However, 44 per cent think the current economic climate has made it impossible for youngsters to grow up as quickly as they’d like.
The Skipton Building Society spokeswoman continues: ”These findings are a stark reflection of contemporary Britain, and the impact the aftermath of the global financial crisis is having on our most basic expectations.
”The inability to complete rites of passage as basic as standing on their own feet financially, and owning their own home, is effectively infantilising people and leaving us with a generation of who remain teenagers into their late 20s.
”However, there are some encouraging signals in our research, including the increased emphasis on financial awareness and capability, as people recognise that things like completing a Will and saving are vital stepping stones to a more prosperous and independent future.
”Although many people currently feel challenged in achieving these goals, the fact that such aspirations are front of mind should mean that – as the recovery hopefully gathers momentum – today’s ‘teenagers’ now will eventually mature into more financially savvy adults than their predecessors, which can only make them better off in the long term.”
TOP 50 INDICATORS OF BEING ‘GROWN UP’
1. Having a mortgage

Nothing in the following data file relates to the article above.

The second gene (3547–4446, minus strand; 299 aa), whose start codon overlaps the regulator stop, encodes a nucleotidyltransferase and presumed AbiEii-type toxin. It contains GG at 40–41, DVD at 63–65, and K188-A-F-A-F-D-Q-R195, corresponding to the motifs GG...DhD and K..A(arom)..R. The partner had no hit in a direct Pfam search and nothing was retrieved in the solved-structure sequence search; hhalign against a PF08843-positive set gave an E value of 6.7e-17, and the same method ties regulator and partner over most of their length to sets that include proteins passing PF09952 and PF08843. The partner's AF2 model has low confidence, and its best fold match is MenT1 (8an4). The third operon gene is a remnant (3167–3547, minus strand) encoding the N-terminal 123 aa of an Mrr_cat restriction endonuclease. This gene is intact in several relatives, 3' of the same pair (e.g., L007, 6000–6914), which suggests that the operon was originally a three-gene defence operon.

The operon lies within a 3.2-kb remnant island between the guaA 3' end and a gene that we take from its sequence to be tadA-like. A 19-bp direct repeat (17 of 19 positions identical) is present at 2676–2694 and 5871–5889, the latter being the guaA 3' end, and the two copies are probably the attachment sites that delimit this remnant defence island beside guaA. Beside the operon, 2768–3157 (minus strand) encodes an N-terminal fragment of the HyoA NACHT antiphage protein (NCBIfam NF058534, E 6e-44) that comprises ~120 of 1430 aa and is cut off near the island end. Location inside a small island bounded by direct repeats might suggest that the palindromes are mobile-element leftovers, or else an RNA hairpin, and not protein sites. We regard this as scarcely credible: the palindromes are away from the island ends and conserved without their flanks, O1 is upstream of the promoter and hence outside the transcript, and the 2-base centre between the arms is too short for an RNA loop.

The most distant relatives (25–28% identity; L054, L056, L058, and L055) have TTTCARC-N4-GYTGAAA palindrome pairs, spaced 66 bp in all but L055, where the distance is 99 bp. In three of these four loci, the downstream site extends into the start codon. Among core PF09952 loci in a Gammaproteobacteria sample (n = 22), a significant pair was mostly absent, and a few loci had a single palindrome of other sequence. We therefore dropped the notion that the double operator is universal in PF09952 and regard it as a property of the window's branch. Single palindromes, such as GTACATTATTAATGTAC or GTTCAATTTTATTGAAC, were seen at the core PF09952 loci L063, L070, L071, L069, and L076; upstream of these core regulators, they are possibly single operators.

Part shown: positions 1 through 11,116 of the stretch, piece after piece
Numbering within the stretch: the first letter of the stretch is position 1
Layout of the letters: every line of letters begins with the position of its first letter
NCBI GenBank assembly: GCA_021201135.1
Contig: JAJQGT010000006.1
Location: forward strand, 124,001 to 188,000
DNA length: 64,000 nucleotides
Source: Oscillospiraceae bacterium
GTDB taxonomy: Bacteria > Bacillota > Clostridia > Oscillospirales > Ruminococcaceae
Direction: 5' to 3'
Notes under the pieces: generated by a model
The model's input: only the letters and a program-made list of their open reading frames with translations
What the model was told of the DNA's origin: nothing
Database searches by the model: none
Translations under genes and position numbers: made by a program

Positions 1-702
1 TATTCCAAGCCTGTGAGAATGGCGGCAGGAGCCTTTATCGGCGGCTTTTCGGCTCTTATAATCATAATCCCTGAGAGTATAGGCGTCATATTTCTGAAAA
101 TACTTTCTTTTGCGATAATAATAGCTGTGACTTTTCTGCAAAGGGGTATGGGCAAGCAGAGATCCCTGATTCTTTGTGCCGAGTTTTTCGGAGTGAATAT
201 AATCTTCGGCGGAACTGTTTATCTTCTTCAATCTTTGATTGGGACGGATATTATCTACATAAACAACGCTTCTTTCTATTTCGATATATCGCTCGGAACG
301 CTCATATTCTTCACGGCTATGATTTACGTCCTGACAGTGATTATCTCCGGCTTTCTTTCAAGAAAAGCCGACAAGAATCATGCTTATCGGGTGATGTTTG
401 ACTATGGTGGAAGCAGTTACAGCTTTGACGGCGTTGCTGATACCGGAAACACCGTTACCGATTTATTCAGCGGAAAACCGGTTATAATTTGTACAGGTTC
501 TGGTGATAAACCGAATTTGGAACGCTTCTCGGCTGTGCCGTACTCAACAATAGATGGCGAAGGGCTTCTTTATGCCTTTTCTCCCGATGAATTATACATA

2. Mum and dad no longer make your financial decisions
3. Paying into a pension
4. Conducting a weekly food shop
5. Written a Will
6. Having children
7. Budgeting every month
8. Being able to cook an evening meal from scratch
9. Getting married
10. Having life insurance
12. Having a savings account
13. Knowing what terms like ‘ISA’ and ‘tracker’ mean
14. Watching the news
15. Owning a lawn mower
16. Doing your own washing
17. Taking trips to the local tip
18. Planting flowers
19. Being able to bleed a radiator
20. Having a joint bank account
21. Having a view on politics
22. Keeping track of interest rates
23. Finding a messy house annoying
24. Being able to change a light bulb
25. Owning a vacuum cleaner
26. Holding dinner parties
27. Listening to Radio 2
28. Enjoying gardening
29. Spending weekend just ‘pottering’
30. Mum starts asking you for advice
31. Carrying spare shopping bags just in case
32. Like going round garden centres
33. Wearing coats on a night out
34. Going to bed before 11pm
35. Making sure mum and dad are phoned at least once a week
36. Classing work as a career rather than a job
37. Repairing torn clothing rather than throwing it away
38. You iron
39. You wash up immediately after eating
40. Enjoy cooking
41. Buying a Sunday paper
42. Always going out with a sensible pair of shoes
43. You like receiving gift vouchers
44. Work keeps you awake at night
45. Filing post
46. Having a ‘best’ crockery set
47. Being able to change a car tyre
48. Being sensible enough to remove make up off before bedtime
49. Being able to follow a receipt
50. Owning ‘best towels’ as well as ‘everyday towels’
Many of the indicators are things which people need to have mastered - such as looking after the house and garden.Tracy Fletcher, Head of Corporate Communications for Skipton Building Society